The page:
ANALYSIS

          Evidentiary Objections

         Plaintiff objects to paragraphs 5-7 of Exhibits 1-5 to Defendants' Motion for Summary Judgment. Plaintiff argues that the respective affiants do not have personal knowledge of the events described because each specifically states that he reviewed the event report and makes reference to specific times in the recordings (Dkt. #27 at p. 2-3). Plaintiff's objection is overruled.

         A party may submit affidavits in support of a motion for summary judgment so long as they are based on personal knowledge. Fed.R.Civ.P. 56(c)(4). Here, the affiants only reference the event reports and videos as a means of refreshing their memories. Each affiant, except for Goodwin, is clearly shown in the videos and only testifies to his involvement. Contrary to Plaintiff's assertion, their recitation of information is not verbatim across all five affidavits. Rather, each testifies to his own involvement while making reference to the time that it happened, which the video serves as an aid. This is permissible. Plaintiff's objection is overruled.

         Plaintiff next objects to Defendants' Motion for Summary Judgment as a whole (Dkt. #27 at p. 3). Plaintiff claims that the case has been bifurcated at the present time and the sole issue before the Court is qualified immunity as to the individual officers. Plaintiff does not cite an order requiring such bifurcation. In a separate motion, Plaintiff requests additional time to respond to Defendants' motion (Dkt. #26). In the motion, Plaintiff also claims that discovery has been limited to matters directly affecting qualified immunity.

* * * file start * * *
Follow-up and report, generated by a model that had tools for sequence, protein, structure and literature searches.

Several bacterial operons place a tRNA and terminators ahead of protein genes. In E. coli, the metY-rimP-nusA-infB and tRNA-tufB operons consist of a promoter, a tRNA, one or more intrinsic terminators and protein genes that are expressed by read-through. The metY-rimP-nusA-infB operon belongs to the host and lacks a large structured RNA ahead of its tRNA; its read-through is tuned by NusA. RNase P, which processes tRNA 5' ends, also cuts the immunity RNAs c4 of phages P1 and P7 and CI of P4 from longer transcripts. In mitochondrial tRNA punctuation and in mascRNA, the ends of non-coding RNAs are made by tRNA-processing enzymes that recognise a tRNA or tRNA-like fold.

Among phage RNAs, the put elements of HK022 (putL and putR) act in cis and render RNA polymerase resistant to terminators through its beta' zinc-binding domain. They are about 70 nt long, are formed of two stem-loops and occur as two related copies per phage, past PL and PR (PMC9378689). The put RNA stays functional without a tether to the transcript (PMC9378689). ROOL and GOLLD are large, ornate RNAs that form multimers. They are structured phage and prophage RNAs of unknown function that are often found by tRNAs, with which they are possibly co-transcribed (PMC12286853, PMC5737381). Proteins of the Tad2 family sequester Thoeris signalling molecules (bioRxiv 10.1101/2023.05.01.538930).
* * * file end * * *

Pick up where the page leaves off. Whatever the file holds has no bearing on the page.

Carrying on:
Plaintiff's motion is really a motion for continuance under Rule 56(d). Rule 56(d) allows the nonmovant on a summary judgment motion to ask the court for additional time to obtain affidavits or declarations or to take discovery before the Court rules on summary judgment. Fed.R.Civ.P. 56(d). However, Rule 56 does not require any discovery to take place before summary judgment can be granted. Id.; Baker v. Am. Airlines, Inc., 430 F.3d 750, 756 (5th Cir. 2005). Thus, the rule permits more time to respond to summary judgment only when the party cannot present facts essential to justify its opposition to the motion for summary judgment. Id. The trial court has wide latitude in granting extra time. Johnson v. Deep E. Tex. Reg'l Narcotics Trafficking Task Force, 379 F.3d 293, 308 (5th Cir. 2004). To support a request for continuance, Plaintiff must show: “(1) why he needs additional discovery and (2) how that discovery will create a genuine issue of material fact.” Adams v. Travelers Indem. Co. of Conn., 465 F.3d 156, 162 (5th Cir. 2006). Further, a party must exercise due diligence in discovery. Baker, 430 F.3d 750, 756 (5th Cir. 2005) (citing Wichita Falls Office Assocs. v. Banc One Corp., 978 F.2d 915, 919 (5th Cir. 1992)).